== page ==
Does this correspond to making the agent preserve general optionality (in the more colloquial sense, in case it is a term of art here)?
Does that mean that some specification of random goals would serve as an approximation of optionality?
It occurs to me that preserving the ability to pursue randomly generated goals doesn't necessarily preserve the ability of other agents to preserve goals. If I recall, that is kind of the theme of the instrumental power paper; as a concrete example of how they would combine, it feels like:
This preserves the ability to pursue goal Y (Z, A, B...) but it does not imply that other agents should be allowed to add value and get money.
How closely does this map, I wonder? It feels like including other agents in the randomly generated goals somehow would help, but that just does for the agents themselves and not for the agents goals.
Does a tuple of [goal(preserve agent),goal(preserve object of agent's goal)] do a good job of preserving the other agent's ability to pursue that goal? Can that be generalized?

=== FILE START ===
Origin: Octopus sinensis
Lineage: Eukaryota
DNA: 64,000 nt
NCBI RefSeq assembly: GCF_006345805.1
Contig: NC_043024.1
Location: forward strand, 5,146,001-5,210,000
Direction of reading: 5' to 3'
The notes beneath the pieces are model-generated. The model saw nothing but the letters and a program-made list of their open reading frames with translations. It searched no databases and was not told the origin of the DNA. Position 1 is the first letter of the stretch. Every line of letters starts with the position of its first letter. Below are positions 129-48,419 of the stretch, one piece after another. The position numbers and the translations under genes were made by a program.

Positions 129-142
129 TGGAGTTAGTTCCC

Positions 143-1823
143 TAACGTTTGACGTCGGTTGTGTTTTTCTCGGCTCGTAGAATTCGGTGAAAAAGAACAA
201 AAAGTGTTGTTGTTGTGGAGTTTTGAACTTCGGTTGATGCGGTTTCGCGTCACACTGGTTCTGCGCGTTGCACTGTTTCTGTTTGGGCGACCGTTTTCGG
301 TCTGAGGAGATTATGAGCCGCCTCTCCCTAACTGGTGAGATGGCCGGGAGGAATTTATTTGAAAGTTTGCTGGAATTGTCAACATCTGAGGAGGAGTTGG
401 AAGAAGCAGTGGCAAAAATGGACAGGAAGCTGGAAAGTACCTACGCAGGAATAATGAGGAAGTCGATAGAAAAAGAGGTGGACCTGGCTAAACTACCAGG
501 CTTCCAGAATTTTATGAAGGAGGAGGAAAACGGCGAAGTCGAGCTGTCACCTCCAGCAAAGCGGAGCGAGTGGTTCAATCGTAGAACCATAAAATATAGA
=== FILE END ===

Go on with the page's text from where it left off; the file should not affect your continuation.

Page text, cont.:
...now to take a crack at the paper.
This doesn't strike directly at the sampling question, but it is related to several of your ideas about incorporating the differentiable function: Neural Ordinary Differential Equations.
This is being exploited most heavily in the Julia community. The broader pitch is that they have formalized the relationship between differential equations and neural networks. This allows things like:
The last one is the most intriguing to me, mostly because it solves the problem of machine learning models having to start from scratch even in environments where information about the environment's structure is known. For example, you can provide it with Maxwell's Equations and then it "knows" electromagnetism.